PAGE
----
Additionally, the scorn heaped upon Trump simply confirms for these racially motivated white voters that they have discovered the right leader, one who might defeat the forces of liberalism and multiculturalism that have corrupted American law. Lane urged white people to select a strongman "wisely." "Choose one who has sacrificed all in the face of tyranny; choose one who has endured and persevered," he writes. "This is the only reliable evidence of his worthiness and motives." On this front, Trump has more than proved his mettle by drawing the arrows of his enemies in the Republican primary and emerging more powerful for it, while the battlefield is littered with opponents who underestimated him.
How far can he go? Trump has actively courted fringe parts of the electorate by assenting to their racially inflected diagnosis of what ails America and has thrown his support behind whites-first prescriptions. From this point on, Trump's ceiling as a vehicle for white nationalism will depend on the willingness of mainstream voters to take responsibility for his promise to restore white self-governance and his systematic scapegoating of nonwhites.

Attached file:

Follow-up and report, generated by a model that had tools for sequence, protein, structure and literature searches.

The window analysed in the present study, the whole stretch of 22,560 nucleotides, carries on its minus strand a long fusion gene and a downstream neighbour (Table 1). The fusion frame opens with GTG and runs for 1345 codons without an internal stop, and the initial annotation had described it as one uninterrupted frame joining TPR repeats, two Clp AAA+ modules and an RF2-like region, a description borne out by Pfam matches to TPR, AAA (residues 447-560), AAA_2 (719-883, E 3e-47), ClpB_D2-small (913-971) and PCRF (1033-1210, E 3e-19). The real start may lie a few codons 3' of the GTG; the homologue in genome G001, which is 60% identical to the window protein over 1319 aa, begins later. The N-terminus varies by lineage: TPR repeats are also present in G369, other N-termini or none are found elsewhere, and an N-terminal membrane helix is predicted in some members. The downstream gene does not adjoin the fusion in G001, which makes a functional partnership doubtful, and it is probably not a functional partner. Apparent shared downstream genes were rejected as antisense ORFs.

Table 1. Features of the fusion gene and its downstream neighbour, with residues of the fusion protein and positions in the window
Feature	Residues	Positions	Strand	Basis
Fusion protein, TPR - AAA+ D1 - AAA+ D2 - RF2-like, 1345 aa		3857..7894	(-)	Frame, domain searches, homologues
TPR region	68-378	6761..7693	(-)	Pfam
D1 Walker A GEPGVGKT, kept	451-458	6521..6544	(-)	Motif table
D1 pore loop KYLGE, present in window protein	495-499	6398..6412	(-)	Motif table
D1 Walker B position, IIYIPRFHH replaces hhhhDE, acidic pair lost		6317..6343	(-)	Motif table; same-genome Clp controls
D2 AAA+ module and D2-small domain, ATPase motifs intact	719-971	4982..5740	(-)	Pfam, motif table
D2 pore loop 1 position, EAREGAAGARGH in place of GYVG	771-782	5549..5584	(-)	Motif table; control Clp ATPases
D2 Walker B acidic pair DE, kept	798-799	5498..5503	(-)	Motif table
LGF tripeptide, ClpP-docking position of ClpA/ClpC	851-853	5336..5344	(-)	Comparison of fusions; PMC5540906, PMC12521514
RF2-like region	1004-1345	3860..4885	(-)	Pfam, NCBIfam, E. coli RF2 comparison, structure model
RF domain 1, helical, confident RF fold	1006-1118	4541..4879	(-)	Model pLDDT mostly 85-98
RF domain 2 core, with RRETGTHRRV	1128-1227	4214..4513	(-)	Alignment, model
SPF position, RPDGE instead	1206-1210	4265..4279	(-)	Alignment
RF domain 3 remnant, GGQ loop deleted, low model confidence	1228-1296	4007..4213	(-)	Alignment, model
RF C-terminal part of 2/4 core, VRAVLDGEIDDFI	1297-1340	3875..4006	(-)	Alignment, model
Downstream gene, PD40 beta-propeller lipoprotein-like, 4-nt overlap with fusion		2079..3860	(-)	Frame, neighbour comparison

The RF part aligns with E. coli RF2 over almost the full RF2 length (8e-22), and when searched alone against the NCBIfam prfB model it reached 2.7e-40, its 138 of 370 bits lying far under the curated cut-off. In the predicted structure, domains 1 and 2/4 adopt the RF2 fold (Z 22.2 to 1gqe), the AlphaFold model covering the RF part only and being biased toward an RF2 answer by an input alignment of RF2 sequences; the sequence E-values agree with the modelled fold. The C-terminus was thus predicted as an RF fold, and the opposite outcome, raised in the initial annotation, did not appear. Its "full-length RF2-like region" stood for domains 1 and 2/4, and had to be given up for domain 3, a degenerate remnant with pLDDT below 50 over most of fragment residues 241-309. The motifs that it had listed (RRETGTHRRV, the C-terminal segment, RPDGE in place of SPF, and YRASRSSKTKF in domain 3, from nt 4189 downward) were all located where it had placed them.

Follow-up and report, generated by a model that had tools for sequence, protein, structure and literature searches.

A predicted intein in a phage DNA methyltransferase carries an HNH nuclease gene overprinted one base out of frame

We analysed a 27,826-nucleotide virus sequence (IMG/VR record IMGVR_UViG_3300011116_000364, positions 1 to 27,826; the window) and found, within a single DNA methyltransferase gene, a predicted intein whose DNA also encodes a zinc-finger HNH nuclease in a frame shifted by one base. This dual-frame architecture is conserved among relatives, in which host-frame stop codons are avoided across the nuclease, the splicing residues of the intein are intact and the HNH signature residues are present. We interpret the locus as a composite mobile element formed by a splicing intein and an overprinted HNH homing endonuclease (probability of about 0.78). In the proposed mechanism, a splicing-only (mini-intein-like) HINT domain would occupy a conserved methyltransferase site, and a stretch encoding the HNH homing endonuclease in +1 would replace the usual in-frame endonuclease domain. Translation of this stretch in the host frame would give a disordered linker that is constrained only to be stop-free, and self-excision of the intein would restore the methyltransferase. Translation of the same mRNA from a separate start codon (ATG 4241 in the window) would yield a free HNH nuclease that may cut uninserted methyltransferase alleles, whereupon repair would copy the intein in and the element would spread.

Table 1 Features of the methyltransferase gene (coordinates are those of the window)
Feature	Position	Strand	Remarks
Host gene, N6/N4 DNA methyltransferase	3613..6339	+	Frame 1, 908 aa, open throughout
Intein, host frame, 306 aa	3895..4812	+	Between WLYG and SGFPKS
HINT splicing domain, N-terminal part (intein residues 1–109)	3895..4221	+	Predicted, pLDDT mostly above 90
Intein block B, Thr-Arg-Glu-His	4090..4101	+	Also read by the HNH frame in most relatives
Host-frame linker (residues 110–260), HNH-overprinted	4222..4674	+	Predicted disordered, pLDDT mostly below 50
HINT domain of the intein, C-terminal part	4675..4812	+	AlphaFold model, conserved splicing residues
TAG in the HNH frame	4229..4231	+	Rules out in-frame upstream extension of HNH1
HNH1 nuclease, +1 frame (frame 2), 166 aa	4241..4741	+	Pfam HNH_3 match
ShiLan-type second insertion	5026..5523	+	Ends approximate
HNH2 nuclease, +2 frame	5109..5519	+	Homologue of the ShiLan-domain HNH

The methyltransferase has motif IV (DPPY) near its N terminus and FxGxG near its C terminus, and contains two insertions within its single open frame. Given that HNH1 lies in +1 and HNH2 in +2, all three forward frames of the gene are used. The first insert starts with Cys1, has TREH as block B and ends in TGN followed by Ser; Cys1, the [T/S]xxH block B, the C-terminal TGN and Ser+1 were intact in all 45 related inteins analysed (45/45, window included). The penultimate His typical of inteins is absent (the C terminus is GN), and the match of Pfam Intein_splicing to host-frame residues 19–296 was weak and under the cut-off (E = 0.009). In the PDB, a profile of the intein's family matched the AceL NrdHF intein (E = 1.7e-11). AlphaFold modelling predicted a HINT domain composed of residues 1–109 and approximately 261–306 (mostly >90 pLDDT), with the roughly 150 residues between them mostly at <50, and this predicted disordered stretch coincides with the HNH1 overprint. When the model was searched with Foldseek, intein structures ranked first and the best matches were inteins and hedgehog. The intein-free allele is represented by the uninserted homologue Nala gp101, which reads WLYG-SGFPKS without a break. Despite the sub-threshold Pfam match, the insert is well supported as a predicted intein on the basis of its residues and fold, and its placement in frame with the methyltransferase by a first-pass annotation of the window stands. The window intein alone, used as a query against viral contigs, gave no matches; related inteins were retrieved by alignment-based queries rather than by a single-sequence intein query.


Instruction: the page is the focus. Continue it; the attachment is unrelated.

By casting himself as a virtuous guardian of white people's welfare and claiming a "mandate" to be provocative, Trump has gotten further than any similar politician in recent years. Win or lose, as the presumptive Republican nominee for president, he is already more successful than Pat Buchanan or David Duke, which makes him the most prominent Aryan Warrior of the modern age.